Cynthia Van Hee


2018

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SemEval-2018 Task 3: Irony Detection in English Tweets
Cynthia Van Hee | Els Lefever | Véronique Hoste
Proceedings of The 12th International Workshop on Semantic Evaluation

This paper presents the first shared task on irony detection: given a tweet, automatic natural language processing systems should determine whether the tweet is ironic (Task A) and which type of irony (if any) is expressed (Task B). The ironic tweets were collected using irony-related hashtags (i.e. #irony, #sarcasm, #not) and were subsequently manually annotated to minimise the amount of noise in the corpus. Prior to distributing the data, hashtags that were used to collect the tweets were removed from the corpus. For both tasks, a training corpus of 3,834 tweets was provided, as well as a test set containing 784 tweets. Our shared tasks received submissions from 43 teams for the binary classification Task A and from 31 teams for the multiclass Task B. The highest classification scores obtained for both subtasks are respectively F1= 0.71 and F1= 0.51 and demonstrate that fine-grained irony classification is much more challenging than binary irony detection.

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We Usually Don’t Like Going to the Dentist: Using Common Sense to Detect Irony on Twitter
Cynthia Van Hee | Els Lefever | Véronique Hoste
Computational Linguistics, Volume 44, Issue 4 - December 2018

Although common sense and connotative knowledge come naturally to most people, computers still struggle to perform well on tasks for which such extratextual information is required. Automatic approaches to sentiment analysis and irony detection have revealed that the lack of such world knowledge undermines classification performance. In this article, we therefore address the challenge of modeling implicit or prototypical sentiment in the framework of automatic irony detection. Starting from manually annotated connoted situation phrases (e.g., “flight delays,” “sitting the whole day at the doctor’s office”), we defined the implicit sentiment held towards such situations automatically by using both a lexico-semantic knowledge base and a data-driven method. We further investigate how such implicit sentiment information affects irony detection by assessing a state-of-the-art irony classifier before and after it is informed with implicit sentiment information.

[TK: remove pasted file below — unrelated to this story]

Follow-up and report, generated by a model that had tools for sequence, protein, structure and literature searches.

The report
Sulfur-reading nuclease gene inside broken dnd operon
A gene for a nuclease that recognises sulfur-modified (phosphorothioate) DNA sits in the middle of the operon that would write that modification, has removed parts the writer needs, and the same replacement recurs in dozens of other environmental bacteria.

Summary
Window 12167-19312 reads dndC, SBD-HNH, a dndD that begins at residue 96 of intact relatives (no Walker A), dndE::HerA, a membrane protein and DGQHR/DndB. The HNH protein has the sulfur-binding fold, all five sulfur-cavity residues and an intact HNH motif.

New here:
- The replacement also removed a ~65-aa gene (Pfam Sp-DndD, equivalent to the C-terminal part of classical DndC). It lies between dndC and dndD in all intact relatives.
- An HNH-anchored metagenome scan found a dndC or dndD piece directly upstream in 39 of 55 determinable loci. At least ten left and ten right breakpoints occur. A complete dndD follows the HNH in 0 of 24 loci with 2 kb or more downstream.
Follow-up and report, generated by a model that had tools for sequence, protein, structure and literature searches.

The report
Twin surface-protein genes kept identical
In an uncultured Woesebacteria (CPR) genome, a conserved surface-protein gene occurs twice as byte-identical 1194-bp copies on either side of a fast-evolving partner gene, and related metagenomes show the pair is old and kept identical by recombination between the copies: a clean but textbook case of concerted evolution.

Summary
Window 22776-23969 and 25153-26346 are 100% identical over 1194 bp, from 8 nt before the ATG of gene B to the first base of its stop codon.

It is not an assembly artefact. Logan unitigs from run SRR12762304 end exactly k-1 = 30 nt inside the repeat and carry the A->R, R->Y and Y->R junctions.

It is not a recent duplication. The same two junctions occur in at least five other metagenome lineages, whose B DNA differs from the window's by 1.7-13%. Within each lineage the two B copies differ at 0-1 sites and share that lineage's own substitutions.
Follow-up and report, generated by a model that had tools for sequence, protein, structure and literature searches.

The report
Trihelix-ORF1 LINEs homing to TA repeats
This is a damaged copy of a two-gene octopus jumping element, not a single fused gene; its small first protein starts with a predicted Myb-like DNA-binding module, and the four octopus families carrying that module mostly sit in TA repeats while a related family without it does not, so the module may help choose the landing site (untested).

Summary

2016

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Exploring the Realization of Irony in Twitter Data
Cynthia Van Hee | Els Lefever | Véronique Hoste
Proceedings of the Tenth International Conference on Language Resources and Evaluation (LREC'16)

Handling figurative language like irony is currently a challenging task in natural language processing. Since irony is commonly used in user-generated content, its presence can significantly undermine accurate analysis of opinions and sentiment in such texts. Understanding irony is therefore important if we want to push the state-of-the-art in tasks such as sentiment analysis. In this research, we present the construction of a Twitter dataset for two languages, being English and Dutch, and the development of new guidelines for the annotation of verbal irony in social media texts. Furthermore, we present some statistics on the annotated corpora, from which we can conclude that the detection of contrasting evaluations might be a good indicator for recognizing irony.

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Monday mornings are my fave :) #not Exploring the Automatic Recognition of Irony in English tweets
Cynthia Van Hee | Els Lefever | Véronique Hoste
Proceedings of COLING 2016, the 26th International Conference on Computational Linguistics: Technical Papers

Recognising and understanding irony is crucial for the improvement natural language processing tasks including sentiment analysis. In this study, we describe the construction of an English Twitter corpus and its annotation for irony based on a newly developed fine-grained annotation scheme. We also explore the feasibility of automatic irony recognition by exploiting a varied set of features including lexical, syntactic, sentiment and semantic (Word2Vec) information. Experiments on a held-out test set show that our irony classifier benefits from this combined information, yielding an F1-score of 67.66%. When explicit hashtag information like #irony is included in the data, the system even obtains an F1-score of 92.77%. A qualitative analysis of the output reveals that recognising irony that results from a polarity clash appears to be (much) more feasible than recognising other forms of ironic utterances (e.g., descriptions of situational irony).

2015

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Detection and Fine-Grained Classification of Cyberbullying Events
Cynthia Van Hee | Els Lefever | Ben Verhoeven | Julie Mennes | Bart Desmet | Guy De Pauw | Walter Daelemans | Veronique Hoste
Proceedings of the International Conference Recent Advances in Natural Language Processing

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LT3: Sentiment Analysis of Figurative Tweets: piece of cake #NotReally
Cynthia Van Hee | Els Lefever | Véronique Hoste
Proceedings of the 9th International Workshop on Semantic Evaluation (SemEval 2015)

2014

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LT3: Sentiment Classification in User-Generated Content Using a Rich Feature Set
Cynthia Van Hee | Marjan Van de Kauter | Orphée De Clercq | Els Lefever | Véronique Hoste
Proceedings of the 8th International Workshop on Semantic Evaluation (SemEval 2014)